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|Title:||Self-concept and music: making waves in education|
|Citation:||Making sound waves: diversity, unity, equity: Proceedings of the 18th National Conference of the Australian Society for Music Education, held at the Gold Coast, Queensland, 2-5 July, 2011 / E. Mackinlay and D. Forrest (eds.): pp.113-117|
|Publisher:||Australian Society for Music Education|
|Conference Name:||Australian Society for Music Education National Conference (18th : 2011 : Gold Coast, Queensland)|
|Abstract:||This paper explores various aspects pertaining to self-concept, with a particular emphasis on self-efficacy and self-regulation and the impact that self-beliefs may have upon learning and achievement. Such beliefs can determine how much effort is applied and whether effort is maintained. It is well recognised that strategies for self-regulation can be developed and can assist with sustaining effort, particularly in the face of difficulties. Self efficacy beliefs and self-regulatory processes are strong factors that can be significant in how individuals choose tasks, persist with them, and achieve outcomes. Enjoyment is also a feature of the learning process which may be perceived as having a positive effect on achievement outcomes. As an area of the curriculum, Music provides many opportunities for students to be self-determined which may have the potential to transfer to other areas of learning. Teachers can assist students to develop self-regulatory strategies, and they can also plan learning, which seeks to optimize enjoyment in the learning process.|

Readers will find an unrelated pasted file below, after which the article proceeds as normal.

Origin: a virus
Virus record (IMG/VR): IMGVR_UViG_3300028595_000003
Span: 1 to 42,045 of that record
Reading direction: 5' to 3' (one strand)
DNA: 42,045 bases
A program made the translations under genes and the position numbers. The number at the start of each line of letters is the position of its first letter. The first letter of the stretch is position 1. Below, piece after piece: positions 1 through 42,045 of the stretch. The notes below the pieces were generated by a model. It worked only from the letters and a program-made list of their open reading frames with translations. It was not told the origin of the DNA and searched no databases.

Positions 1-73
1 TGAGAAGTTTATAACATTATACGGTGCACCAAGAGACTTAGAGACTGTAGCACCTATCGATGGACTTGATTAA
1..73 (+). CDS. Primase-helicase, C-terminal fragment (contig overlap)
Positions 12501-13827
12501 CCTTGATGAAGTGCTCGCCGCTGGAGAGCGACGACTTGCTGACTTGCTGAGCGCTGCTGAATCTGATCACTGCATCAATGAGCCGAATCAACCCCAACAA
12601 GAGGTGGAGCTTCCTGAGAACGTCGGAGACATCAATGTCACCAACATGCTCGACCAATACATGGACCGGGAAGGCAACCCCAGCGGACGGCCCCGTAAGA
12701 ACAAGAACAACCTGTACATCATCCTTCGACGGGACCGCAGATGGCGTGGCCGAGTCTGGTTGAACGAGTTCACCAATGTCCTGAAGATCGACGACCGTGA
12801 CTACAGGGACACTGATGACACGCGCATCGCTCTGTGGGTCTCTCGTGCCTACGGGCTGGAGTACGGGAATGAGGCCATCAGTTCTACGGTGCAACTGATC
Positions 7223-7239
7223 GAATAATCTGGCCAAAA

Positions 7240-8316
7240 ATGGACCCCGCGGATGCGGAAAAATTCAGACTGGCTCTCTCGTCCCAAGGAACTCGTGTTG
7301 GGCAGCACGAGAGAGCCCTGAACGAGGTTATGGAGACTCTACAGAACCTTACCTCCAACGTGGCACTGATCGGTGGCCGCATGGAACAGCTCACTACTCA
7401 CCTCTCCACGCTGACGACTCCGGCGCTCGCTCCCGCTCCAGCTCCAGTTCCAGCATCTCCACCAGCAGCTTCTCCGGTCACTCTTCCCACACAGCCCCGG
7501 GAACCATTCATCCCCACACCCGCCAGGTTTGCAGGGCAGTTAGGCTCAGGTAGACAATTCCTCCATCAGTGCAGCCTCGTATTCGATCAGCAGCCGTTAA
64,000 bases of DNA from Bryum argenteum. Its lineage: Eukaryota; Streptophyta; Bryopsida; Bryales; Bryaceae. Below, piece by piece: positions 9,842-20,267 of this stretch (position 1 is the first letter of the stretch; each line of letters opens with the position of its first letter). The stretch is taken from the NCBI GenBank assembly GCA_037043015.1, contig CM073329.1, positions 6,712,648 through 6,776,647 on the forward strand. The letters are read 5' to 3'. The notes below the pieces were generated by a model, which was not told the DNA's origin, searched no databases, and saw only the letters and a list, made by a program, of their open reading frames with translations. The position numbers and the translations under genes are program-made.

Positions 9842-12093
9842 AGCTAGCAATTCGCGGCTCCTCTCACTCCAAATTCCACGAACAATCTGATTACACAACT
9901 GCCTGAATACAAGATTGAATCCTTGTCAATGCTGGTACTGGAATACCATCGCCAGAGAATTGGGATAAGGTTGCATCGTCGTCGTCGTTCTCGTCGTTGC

|Keywords:||Music students; music instruction and study research; autonomy (psychology); music teachers attitudes|
|Rights:||© Australian Society for Music Education Incorporated 2011|
|Appears in Collections:||Music publications, scores & recorded works|
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